Working In These Times
Job Prospects Take a Turn for the Worse
The Labor Department’s job figures for June brought unalloyed bad news: the job market has stalled. And as Republican policies gain influence, even on President Obama’s own strategy, the successful parts of Obama’s initial policies are fading away.
In their place comes a new and misguided focus on reducing deficits that accepts cutting programs like Social Security that bring stability to working people’s retirement and to the economy. There will also be more cuts in public employment that are already undermining the recovery.
Obama still talks about expanding infrastructure investment, but most of the administration proposals, like extending the payroll tax credit, are unlikely to stimulate employment much, or may lose more jobs than they will create, such as three new free trade agreements.
As a result, the prospects for job growth during the next year, even the next several years, are increasingly dim. So are political prospects for Obama and the Democrats, let alone a strong progressive agenda. Yet there is new evidence that the job problem is grave largely because of the depth of the Great Recession, resulting from decades of financial deregulation, corporate globalization and rising inequality.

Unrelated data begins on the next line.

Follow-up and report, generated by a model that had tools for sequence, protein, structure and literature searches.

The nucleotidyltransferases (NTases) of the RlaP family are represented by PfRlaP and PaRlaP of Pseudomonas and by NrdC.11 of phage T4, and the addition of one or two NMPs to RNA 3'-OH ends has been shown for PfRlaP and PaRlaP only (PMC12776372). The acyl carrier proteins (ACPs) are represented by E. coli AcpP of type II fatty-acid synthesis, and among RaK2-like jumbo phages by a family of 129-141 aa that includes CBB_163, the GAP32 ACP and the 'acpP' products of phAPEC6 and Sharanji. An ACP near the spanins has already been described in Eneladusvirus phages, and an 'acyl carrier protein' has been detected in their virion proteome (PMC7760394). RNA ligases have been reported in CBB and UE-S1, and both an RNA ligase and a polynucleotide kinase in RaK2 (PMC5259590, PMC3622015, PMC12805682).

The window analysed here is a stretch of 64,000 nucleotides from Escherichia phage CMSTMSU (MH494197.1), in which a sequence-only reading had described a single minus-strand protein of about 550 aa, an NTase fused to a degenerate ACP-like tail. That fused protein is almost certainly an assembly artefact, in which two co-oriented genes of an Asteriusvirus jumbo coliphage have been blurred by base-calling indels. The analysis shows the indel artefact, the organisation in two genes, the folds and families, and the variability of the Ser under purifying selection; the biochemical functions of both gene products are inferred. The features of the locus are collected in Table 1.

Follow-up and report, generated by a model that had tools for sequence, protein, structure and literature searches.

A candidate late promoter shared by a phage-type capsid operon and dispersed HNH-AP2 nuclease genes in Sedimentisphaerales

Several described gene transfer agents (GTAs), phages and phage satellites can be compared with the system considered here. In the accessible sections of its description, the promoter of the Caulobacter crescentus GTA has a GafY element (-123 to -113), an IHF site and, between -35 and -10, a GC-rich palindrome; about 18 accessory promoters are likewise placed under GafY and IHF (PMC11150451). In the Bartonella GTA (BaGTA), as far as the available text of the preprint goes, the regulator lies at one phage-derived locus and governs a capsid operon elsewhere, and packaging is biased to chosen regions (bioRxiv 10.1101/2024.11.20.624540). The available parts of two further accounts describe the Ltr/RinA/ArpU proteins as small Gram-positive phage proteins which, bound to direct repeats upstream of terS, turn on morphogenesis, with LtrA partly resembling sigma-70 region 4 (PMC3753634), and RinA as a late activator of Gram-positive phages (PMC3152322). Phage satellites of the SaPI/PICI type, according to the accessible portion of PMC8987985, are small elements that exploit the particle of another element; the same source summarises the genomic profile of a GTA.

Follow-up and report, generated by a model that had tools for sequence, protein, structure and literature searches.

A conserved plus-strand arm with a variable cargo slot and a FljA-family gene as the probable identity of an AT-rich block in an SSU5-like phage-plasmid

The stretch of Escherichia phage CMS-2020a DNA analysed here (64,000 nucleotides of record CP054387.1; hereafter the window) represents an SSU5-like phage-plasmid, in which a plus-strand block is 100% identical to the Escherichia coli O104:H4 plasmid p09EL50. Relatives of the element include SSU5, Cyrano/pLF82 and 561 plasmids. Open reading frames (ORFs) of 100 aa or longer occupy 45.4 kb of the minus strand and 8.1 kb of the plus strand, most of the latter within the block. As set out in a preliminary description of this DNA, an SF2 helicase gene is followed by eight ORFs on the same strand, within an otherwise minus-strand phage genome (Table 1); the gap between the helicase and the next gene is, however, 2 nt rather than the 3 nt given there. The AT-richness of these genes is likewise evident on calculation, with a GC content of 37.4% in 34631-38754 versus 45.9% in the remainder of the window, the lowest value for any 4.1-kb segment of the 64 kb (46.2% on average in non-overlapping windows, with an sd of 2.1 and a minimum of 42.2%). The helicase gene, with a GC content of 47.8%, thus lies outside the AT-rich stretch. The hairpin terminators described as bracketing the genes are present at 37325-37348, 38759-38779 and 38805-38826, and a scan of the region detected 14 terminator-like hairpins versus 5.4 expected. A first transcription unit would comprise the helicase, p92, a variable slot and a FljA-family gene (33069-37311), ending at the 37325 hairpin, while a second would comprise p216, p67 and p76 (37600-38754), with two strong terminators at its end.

The June numbers are grim: The official unemployment rate crept up one-tenth of a point to 9.2 percent, as the private sector generated only 57,000 new jobs and government shed 39,000 more jobs, producing a net gain of only 18,000 jobs. By contrast, from February through April, the economy created on average 225,000 new jobs each month—and that was still far short of the number needed both to absorb an expanding workforce and to re-employ laid-off workers (44.4 percent of whom have been out of work a half year or more for a post-Depression record). To meet needs of both new entrants and the jobless, the U.S. needs at least 11.1 million new jobs.
This recession and its lingering aftermath in the job market took the greatest toll on American workers since the 1930s, eliminating 6.9 million jobs. Adding to the difficulties, the economic downturn was largely a result of a financial crisis, which is typically harder to escape (consider Japan’s lost decade after a burst real estate bubble in the 1990s).
Also, globalization likely has contributed to the difficulty of engineering a fast recovery (for example, much stimulus leaks out to other countries as consumers of all types buy imports, and globalization has cost the U.S. many manufacturing jobs, normally an important element in quick rebounds). And Americans had amassed huge debt loads, including bubble-inflated home mortgages—a result of financial engineering gone wild, attempts to compensate for stagnant or declining incomes for most workers, and rising inequality. That makes recovery through consumer spending and a rebound of the housing market less likely.